Yeah, in retrospect, “dying” was a poor choice of words. “Endangered” or “fragile” would have been better. They could very well go on as they are for another 55,000 years, if the rest of us don’t mess with them. But there are a few hundred of them at most, maybe less than a hundred. A mutated germ, a natural disaster, a threat to their food supply — a number of things could wipe them out in one stroke, not just their current way of life but the people themselves.
Interesting response. From a Catholic point of view they are simply pagans who are waiting for the word of God to be spread to them. Salvation is more important than any law.
It’s not like they are an ancient building or artefact. They’re people and Jesus commanded us to make desciples of all nations. He didn’t make an exception for remote tribes.
Beyond that though, why would we leave these tribes in the darkness, rather than attempting to bring them into the modern world.
Why? How does it benefit these people to be stuck in the past when they could benefit from modern technology and healthcare?
It’s nonsense to suggest that their culture is more important than their souls, or even the possibility of them living as the rest of us.
What right do we have to “protect” them? They have the right to be a part of the larger human family. They’re not endangered animals.
I love this question because it flips the issue upside down.
My feeling is mixed on this issue.
But Jesus did say to “shake the dust” of a town that wouldn’t accept His disciples.
At the same time, not evangelizing “now” is not the same as not evangelizing “ever”.
I’m not just talking about evangelising though.
This is part of the modern “all cultures are equal” tripe.
We should be attempting to begin an ongoing dialogue between these remote tribes and the wider world.
Yeah, I don’t know. Looking around at the “modern world” I am left with the impression that there might be more natural light in their world than in the modern world. They take up weapons against perceived threats, but to outdo the modern world in the darkness factor, they would have to engage in the wholesale killing their unborn, abandoning their natural moral responsibilities, and inculcating their children in all manner of mindless nonsense.
On the other hand, the eternal light of Christ is a different matter. That light isn’t the same thing as the artificial or LED light which illumines the “modern world,” giving it a shallow and ghoulish pall.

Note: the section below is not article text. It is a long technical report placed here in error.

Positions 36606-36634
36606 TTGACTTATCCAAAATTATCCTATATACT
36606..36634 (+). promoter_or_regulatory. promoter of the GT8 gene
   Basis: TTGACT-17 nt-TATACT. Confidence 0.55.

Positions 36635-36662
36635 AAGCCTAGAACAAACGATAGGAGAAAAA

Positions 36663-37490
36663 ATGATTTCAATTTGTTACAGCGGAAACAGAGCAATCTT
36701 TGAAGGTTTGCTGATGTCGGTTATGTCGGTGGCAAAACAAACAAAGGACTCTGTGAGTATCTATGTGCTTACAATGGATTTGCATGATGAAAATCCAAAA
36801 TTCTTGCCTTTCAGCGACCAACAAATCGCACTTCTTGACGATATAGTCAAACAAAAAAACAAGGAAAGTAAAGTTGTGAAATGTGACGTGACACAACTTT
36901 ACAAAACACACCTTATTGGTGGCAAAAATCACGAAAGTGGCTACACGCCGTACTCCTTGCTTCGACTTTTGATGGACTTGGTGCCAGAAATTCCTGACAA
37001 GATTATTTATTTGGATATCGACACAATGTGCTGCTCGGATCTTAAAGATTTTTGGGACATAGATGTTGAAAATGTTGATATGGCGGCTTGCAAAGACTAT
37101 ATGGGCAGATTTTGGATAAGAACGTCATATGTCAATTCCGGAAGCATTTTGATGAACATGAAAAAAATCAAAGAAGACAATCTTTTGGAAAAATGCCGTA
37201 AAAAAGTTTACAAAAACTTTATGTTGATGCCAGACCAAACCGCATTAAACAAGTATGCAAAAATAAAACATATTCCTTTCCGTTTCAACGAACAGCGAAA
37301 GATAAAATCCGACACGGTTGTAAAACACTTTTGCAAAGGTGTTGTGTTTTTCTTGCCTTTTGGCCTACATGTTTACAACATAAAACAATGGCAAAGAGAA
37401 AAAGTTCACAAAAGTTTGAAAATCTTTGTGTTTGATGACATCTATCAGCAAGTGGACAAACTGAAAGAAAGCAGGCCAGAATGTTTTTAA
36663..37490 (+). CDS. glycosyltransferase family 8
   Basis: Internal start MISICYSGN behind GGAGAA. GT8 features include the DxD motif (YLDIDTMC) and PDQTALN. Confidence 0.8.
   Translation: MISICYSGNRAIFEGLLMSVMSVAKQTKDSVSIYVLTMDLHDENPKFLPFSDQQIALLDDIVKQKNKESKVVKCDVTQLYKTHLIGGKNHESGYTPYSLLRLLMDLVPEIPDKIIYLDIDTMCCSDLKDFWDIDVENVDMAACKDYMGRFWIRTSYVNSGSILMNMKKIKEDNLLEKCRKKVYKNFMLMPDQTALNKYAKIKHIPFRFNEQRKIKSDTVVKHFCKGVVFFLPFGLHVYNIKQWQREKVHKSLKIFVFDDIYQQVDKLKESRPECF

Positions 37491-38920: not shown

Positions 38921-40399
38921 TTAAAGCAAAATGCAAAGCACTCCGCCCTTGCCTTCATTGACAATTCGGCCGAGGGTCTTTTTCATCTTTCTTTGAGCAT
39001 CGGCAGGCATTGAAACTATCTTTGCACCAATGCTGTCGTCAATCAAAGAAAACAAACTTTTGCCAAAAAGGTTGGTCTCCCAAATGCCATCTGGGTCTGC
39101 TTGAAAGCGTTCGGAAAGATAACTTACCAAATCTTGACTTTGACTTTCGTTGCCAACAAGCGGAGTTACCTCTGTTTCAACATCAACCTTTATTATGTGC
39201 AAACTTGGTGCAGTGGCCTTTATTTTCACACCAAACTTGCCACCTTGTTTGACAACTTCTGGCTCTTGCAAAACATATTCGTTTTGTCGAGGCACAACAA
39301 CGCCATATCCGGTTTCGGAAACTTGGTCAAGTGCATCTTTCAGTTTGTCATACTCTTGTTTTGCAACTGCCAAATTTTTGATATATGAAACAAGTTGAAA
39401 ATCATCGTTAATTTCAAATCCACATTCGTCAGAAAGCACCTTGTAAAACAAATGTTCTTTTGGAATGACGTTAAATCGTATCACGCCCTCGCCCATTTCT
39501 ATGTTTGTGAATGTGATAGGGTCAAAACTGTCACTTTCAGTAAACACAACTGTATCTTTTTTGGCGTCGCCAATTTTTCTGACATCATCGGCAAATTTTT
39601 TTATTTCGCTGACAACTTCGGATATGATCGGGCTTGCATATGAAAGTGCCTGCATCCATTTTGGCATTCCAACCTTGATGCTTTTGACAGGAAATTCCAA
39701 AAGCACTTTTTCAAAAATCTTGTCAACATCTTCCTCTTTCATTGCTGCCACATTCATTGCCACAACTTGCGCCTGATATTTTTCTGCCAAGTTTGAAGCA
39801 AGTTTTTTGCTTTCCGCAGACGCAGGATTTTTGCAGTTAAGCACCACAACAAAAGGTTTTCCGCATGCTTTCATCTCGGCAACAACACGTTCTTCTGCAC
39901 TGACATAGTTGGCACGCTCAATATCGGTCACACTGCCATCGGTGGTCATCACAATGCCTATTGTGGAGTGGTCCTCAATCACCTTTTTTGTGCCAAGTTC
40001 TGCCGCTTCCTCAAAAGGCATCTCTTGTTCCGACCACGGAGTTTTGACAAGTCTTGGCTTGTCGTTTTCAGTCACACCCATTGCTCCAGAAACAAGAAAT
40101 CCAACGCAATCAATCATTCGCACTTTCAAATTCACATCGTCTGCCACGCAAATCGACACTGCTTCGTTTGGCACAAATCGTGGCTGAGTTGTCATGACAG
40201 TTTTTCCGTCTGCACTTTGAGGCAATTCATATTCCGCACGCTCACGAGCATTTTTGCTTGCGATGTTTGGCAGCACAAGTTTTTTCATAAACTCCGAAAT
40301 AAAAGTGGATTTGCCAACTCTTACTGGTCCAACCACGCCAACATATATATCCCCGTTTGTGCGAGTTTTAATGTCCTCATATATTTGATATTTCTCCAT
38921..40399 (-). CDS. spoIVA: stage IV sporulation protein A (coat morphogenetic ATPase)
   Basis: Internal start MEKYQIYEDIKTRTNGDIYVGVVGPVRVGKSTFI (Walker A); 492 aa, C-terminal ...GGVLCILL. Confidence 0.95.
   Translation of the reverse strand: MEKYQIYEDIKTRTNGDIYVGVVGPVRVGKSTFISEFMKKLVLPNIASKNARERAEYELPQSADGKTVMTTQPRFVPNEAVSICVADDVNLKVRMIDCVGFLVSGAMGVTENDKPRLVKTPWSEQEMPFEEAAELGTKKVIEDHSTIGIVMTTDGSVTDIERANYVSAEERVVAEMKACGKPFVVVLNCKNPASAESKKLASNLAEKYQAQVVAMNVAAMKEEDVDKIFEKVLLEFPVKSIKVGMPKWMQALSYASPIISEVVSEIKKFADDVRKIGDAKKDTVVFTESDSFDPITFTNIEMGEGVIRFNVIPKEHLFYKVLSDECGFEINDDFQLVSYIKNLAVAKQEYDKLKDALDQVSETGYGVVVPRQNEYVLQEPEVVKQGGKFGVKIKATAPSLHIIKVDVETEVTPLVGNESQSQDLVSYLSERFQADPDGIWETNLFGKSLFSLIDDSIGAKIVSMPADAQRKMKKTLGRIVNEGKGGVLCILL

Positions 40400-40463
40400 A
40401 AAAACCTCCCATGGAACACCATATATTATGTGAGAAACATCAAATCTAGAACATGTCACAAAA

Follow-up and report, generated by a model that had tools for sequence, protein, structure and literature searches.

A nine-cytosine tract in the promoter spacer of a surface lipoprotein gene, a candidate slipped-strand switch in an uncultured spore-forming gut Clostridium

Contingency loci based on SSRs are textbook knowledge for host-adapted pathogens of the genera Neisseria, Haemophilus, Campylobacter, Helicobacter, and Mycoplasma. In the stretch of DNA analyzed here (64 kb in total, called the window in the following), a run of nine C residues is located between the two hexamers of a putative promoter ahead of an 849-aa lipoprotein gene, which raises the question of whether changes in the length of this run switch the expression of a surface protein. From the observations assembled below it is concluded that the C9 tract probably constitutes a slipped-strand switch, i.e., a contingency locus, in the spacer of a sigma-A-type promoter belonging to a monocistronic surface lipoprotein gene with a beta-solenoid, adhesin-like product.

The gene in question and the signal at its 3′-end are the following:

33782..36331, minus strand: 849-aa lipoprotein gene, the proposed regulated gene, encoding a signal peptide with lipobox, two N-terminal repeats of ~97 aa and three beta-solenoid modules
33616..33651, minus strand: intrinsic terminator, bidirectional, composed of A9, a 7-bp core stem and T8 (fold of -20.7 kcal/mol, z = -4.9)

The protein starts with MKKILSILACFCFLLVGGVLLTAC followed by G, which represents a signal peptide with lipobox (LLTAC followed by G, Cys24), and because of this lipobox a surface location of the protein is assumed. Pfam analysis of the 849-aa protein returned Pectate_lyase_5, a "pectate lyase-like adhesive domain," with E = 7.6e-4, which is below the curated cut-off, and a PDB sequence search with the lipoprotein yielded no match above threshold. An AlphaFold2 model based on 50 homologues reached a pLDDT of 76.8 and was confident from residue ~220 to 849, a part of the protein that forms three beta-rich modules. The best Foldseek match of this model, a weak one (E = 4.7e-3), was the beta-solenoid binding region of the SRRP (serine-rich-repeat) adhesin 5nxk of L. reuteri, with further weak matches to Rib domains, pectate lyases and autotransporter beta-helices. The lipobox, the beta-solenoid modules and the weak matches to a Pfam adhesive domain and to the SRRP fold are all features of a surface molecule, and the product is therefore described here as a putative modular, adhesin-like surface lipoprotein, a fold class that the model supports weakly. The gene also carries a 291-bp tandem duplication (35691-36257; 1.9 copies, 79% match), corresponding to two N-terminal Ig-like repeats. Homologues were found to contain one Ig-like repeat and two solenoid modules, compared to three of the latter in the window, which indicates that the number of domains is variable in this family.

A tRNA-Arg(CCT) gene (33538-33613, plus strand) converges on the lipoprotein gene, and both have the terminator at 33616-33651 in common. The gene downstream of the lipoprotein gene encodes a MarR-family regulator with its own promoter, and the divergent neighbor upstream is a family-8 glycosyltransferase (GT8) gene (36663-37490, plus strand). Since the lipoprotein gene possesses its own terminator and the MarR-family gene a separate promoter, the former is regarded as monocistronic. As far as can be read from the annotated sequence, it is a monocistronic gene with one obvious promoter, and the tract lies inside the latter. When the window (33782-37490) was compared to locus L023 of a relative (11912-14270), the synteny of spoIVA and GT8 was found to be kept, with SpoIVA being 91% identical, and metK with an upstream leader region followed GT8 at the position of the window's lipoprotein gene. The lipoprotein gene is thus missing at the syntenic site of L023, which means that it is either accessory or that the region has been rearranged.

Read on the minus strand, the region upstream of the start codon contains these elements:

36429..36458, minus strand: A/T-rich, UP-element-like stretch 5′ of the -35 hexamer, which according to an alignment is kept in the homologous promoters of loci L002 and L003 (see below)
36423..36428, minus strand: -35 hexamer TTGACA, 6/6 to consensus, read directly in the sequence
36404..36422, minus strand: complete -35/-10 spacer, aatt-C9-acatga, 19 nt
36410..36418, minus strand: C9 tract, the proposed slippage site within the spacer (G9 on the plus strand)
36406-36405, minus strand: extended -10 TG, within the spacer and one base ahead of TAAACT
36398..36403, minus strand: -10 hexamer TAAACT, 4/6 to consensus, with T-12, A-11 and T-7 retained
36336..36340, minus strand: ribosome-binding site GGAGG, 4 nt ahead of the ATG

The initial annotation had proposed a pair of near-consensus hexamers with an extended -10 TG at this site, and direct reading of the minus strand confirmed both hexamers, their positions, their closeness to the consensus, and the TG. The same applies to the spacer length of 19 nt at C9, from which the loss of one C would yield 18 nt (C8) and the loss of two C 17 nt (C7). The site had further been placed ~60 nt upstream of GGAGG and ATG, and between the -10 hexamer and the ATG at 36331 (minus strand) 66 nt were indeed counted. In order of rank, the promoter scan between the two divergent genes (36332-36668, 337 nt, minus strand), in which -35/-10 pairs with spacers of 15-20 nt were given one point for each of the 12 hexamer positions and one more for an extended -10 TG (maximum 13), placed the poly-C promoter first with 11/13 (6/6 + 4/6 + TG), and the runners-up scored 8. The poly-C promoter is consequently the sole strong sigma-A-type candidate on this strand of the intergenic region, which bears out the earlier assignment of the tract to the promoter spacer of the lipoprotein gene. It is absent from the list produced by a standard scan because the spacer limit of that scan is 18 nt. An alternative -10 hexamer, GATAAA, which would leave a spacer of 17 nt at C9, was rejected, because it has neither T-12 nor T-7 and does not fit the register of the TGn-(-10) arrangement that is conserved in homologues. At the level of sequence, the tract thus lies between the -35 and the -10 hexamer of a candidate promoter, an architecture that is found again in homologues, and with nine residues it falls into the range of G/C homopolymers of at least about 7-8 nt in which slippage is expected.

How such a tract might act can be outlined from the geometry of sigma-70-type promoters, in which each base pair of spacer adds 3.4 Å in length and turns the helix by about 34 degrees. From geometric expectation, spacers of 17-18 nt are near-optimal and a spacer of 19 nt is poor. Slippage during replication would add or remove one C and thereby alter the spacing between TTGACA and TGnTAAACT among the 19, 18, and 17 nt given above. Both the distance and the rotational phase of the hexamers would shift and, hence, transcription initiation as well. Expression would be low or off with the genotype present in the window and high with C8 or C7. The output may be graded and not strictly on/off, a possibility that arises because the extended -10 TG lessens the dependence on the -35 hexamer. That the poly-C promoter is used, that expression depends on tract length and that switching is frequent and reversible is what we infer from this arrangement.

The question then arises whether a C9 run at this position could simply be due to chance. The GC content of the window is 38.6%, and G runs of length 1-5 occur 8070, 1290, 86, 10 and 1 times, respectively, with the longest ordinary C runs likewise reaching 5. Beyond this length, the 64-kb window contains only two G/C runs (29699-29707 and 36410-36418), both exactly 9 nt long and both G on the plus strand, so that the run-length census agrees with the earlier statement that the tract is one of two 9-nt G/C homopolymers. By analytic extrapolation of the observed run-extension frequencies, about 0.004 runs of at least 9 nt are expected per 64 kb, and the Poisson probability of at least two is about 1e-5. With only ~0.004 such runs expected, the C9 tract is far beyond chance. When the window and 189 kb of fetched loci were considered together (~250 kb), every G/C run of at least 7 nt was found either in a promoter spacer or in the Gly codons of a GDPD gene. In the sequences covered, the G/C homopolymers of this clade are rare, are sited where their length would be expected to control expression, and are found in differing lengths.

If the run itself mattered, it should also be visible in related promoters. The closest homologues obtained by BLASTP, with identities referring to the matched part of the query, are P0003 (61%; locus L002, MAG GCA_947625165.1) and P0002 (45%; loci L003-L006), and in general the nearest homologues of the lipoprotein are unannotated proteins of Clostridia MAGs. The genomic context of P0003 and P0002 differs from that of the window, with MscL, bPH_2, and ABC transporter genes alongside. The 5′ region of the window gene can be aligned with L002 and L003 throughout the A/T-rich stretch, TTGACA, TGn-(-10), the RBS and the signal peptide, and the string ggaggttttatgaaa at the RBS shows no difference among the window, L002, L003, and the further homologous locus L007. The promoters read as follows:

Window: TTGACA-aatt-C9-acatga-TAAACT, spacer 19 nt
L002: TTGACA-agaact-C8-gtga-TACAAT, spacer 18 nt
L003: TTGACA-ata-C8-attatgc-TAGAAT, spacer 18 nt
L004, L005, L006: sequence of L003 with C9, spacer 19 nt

I agree that if we were protecting them from the outside world just to have a pre-Neolithic tribe to study, without considering their good or their wishes, that would be wrong.
But they have made it clear over hundreds of years and many generations that they don’t want anything to do with the outside world. They don’t travel, they don’t trade, they don’t accept visitors or gifts. Their language appears unrelated even to those of nearby islands, and no outsider has been able to learn it, or get a handle on their culture, or even be sure how many of them there are.
Given that, to bring them into the wider human family would mean forcing ourselves on them, very much against their will. That is not going to go well even if we mean ultimately to help them. On top of that, remember that these people (and many generations of their ancestors) have been isolated like that for something like 55,000 years. Agriculture, metalworking, all of that passed them by. You’re talking about introducing modern medicine, but do you understand just how alien the very concept would be? The amount of context you’d have to provide (while they are hiding from you or shooting at you, based on past behavior) even to make the offer and receive anything that could meaningfully be called consent? That’s the same reason I don’t think much of Mr. Chau’s evangelization attempts: if he was intending anything more meaningful than “Here’s a picture of Jesus. Can you say ‘Jesus’? I’m gonna dunk you in this water now,” it would have been a project way too big for one guy faced with a lethally hostile audience.
Honestly, I would say, at this moment in time, to lift up this tribe in prayer, they know “we” are out here, and if such a time comes that they reach out to us, then we respond in charity and prudence.